If cancer treatment is a long ride through a strange country, I am often the driver on the first leg of the trip.
I put in ports, little devices placed under the skin through which chemotherapy will be delivered in the weeks and months ahead. As one of the early participants in the process, my goal is to make sure that the drive gets off to a good start. I achieve this in all the ways you might expect: I make sure that the procedure doesn’t hurt, I try to be technically perfect on every case, and of course I treat every patient like the unique, sentient individual that they are. As with any road trip, however, what’s most important is the music.
Many of my patients are surprised to learn that they will be awake during their procedure. While they are provided some nice drugs to take the edge off, they are conscious, able to talk to me and can even watch what I’m doing on a live x-ray feed if they choose. When I am chatting with them before starting their case, my final question is always the same: “So, what do you want to listen to?”
The music we turn to in challenging times provides a window into who we are and where we come from. Many of us return to the music of our youth or young adulthood, when our musical taste was being formed. Others choose pure relaxation or religion. My music question results in some common answers (spa music, classical, Christian) and some unusual ones (German beerhall songs, Korean pop, chanting of the Koran [over 37 million views on YouTube—who knew?]). Far and away, however, the most common answer is classic rock.
Confession: I hate classic rock. The term is rather loosely defined, but generally refers to the songs which were in heavy rotation on commercial FM radio in the late ‘70s and early ‘80s. It makes sense. A lot of cancer patients are, like me, baby boomers who came of age during the heyday of this music. The thing is, during those years, I was listening to bands like Joy Division, the Buzzcocks and Husker Du. None of these bands were played on the radio and my love for them was, in part, a reaction to the commercial, slickly produced, easily digestible, mainstream rock of that time, which I loathed. The songs which formerly caused me to roll my eyes and lunge for the radio dial have now been elevated to classic rock canon.
After my umpteenth patient asked for classic rock, I decided to take a deeper dive. Who was I to turn up my nose at an entire genre of music just because it was played in dentists’ offices and pick-up truck commercials? Lots of my patients feel a deep connection with these songs and, aside from the obvious demographic factors, I wanted to understand why.
The first step, I determined, was to find the quintessential classic rock song. I assembled a research team consisting of me, my nurse and tech and the patient whose procedure I had just completed (who had, in fact, asked for classic rock). After some debate, we had our song: Bob Seger’s Against the Wind.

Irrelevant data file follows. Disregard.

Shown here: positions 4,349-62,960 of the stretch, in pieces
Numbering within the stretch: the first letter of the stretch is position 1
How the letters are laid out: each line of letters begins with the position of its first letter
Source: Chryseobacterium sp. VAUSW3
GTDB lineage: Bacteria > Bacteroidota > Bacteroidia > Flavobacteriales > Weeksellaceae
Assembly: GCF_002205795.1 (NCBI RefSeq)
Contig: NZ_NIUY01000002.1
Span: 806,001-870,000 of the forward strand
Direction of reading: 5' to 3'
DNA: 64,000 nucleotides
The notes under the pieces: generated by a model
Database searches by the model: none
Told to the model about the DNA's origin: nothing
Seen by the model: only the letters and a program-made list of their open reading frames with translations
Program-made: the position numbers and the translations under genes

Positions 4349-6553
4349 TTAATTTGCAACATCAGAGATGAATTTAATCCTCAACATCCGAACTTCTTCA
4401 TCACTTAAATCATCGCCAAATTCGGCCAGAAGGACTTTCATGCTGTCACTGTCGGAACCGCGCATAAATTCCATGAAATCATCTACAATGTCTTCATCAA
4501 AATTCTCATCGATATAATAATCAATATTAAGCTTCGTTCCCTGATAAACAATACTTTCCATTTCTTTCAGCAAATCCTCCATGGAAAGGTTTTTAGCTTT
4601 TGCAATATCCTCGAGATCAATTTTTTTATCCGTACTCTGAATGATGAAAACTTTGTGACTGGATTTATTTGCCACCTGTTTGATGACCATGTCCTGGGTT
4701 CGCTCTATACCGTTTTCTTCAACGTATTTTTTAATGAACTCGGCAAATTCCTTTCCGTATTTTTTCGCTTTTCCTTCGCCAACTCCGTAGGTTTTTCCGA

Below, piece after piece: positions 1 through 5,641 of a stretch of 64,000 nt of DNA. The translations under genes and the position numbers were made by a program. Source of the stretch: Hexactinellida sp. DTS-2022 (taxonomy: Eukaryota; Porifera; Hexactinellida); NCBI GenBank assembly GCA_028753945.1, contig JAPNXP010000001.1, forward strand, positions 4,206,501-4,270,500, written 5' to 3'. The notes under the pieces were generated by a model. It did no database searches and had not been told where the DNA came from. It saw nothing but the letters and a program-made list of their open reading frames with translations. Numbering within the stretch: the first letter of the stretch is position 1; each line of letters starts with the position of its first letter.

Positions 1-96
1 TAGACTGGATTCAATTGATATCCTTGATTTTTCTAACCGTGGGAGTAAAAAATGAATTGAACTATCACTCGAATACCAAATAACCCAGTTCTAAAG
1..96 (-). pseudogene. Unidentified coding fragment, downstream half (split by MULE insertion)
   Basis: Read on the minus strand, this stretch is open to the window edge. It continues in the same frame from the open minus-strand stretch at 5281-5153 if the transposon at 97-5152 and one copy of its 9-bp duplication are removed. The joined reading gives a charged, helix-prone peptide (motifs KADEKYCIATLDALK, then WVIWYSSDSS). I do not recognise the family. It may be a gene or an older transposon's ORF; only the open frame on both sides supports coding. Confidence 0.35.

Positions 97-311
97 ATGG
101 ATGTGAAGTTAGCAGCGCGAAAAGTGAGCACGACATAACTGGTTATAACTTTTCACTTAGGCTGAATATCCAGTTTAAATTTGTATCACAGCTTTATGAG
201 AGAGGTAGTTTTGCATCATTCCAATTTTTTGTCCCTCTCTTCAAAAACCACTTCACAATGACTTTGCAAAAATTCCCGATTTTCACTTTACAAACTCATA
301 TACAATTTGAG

No song starts life as a classic. At some point, it is just an idea; something inside the artist that he or she needs to get out. If I could learn what was in Bob Seger’s head when he composed Against the Wind, perhaps I could move beyond my preconceptions.
Against the Wind was released in 1980. It was part of an album of the same name which went to No. 1 and spawned several hits, with the title track being the biggest of them all. Okay, no real surprises there, but what was Seger’s mindset when he wrote Against the Wind? My research soon yielded pay dirt, an interview in the Los Angeles Times from 1983 in which Seger discussed his creative process while composing the album. “I was aiming for a totally commercial album,” Seger recalled. “Maybe it was a little too commercial, but I wanted to make sure I had three hit singles on it. I had never had a No. 1 album and I wanted one.” Wow, his intention seemed just as shallow and crass as the song itself had always sounded to me. It looked like I’d been right all along. I put aside my new sideline as a rock historian and returned to my day job as a doctor.
A couple of weeks ago, my first patient of the day was a 56-year-old man recently diagnosed with esophageal cancer. As it happened, he asked to listen to Bob Seger. During the procedure, I looked down and noticed his foot gently moving to the beat. I listened to the lyrics I had heard a million times before: Against the wind, a little something against the wind, I found myself seeking shelter against the wind. The song didn’t sound so cynical to me then, but oddly perfect for my patient, who, despite his own headwinds, appeared to experience a moment of grace. I realized then that the artist doesn’t matter. His intentions don’t matter. The meaning and value of music lie solely with the listener and every song is born anew each time it is experienced. My patient’s journey seemed off to a promising start.
Besides being your guide as you embark on your trip down the cancer highway, I will also be with you at the end. When chemotherapy is complete, I will see you again to remove your port as you finally exit to return to more familiar country. As always, you can pick the tunes. I promise not to judge.